You can take I-75 north to I-10 west, and then get on Hwy. U.S. Highway 98 in Mobile, Alabama, or you can take the ultimate scenic route and drive over to U.S. Highway 19/98 on Florida’s west coast and take that route all the way into the beautiful state of Mississippi. The latter route takes a bit longer to drive, but the collateral views of Florida’s Gulf coast are simply spectacular.

Once you enter Mississippi, head north on Highway 63, and then continue north on Highway 45. You can drive the entire length of the state on Highway 45 and see some spectacular views, or you can take I-22 west in Tupelo and visit beautiful Holly Springs National Forest. The forest is home to a hardwood color display of maple, hickory and oak that will literally take your breath away.

And if you’ve come this far, maybe you’re willing to go a little further. That’s right, the bustling city of Memphis is less than an hour’s drive away… and there’s nothing that can compare to “Walking in Memphis”… in the crisp fall air.

The Mississippi fall color season ranges from mid-October to early November.

Colorful Mississippi Fall Locales You Don’t Want to Miss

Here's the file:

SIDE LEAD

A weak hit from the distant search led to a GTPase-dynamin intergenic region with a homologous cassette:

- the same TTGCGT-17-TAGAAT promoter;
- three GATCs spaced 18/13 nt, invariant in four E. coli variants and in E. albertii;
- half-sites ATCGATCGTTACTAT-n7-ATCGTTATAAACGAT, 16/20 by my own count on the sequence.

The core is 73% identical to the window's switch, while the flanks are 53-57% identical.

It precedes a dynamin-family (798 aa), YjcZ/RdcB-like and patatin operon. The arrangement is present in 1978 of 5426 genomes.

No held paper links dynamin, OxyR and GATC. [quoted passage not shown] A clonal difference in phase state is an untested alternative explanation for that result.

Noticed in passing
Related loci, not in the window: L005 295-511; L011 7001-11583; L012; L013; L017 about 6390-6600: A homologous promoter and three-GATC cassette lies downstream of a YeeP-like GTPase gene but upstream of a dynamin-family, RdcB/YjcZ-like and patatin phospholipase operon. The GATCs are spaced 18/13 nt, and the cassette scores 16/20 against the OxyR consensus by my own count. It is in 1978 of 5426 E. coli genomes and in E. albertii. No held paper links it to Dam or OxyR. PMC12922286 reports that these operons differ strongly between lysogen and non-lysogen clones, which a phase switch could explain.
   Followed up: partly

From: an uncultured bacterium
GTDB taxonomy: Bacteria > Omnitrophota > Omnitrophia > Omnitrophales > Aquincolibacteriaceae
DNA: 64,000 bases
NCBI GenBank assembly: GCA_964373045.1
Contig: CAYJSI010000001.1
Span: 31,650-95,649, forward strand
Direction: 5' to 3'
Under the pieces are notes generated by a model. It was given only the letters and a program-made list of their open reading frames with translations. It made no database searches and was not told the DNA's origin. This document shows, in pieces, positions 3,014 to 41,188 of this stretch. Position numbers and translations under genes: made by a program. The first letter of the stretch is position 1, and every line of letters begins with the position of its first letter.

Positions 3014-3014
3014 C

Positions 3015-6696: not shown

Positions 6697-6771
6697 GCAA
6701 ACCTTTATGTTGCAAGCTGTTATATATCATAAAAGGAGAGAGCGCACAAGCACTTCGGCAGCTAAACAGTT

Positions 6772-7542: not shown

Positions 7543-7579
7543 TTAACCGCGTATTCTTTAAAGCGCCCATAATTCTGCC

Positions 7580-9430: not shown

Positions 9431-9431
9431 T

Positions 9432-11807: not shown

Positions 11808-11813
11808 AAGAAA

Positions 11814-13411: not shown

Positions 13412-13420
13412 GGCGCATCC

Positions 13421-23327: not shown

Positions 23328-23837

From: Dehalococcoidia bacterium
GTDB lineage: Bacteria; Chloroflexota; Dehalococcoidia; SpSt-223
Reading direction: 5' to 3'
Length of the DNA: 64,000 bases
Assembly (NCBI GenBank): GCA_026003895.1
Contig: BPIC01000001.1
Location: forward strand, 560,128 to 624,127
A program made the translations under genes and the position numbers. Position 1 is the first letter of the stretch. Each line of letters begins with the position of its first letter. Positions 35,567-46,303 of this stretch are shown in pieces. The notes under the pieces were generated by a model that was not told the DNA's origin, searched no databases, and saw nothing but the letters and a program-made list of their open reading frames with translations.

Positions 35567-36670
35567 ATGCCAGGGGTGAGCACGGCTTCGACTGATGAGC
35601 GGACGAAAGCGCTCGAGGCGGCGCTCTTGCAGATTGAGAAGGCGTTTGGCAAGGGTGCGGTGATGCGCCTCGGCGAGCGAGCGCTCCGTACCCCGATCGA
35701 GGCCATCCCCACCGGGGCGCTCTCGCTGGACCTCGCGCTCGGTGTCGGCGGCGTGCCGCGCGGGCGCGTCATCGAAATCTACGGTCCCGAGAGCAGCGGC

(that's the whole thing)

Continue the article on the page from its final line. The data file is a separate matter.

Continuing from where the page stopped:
1. The Natchez Trace Parkway
  2. Homochitto National Forest
  3. The Freedom Hills Overlook
  4. Holmes County State Park
  5. Jeff Busby Campground
  6. Tishomingo State Park
  7. Noxubee National Wildlife Refuge 


South Carolina

If you’re a serious leaf-watcher, then South Carolina offers the ultimate southeastern U.S. fall road trip—the Cherokee Foothills Scenic Highway. This iconic roadway starts as you cross the Savannah River into the state on Interstate Highway 85 out of Georgia and traverses practically the entire length of the state, ending in the town of Gaffney just south of the North Carolina border.

Points of interest to see along the way include: the Hagood Mill Historic Site and Folklife Center in Pickens, Lake Jocassee near Salem, the Cowpens National Battlefield outside of Gaffney, Campbell’s Covered Bridge in Landrum, Sassafras Mountain (the highest point in South Carolina) and Caesar’s Head State Park, to name a few.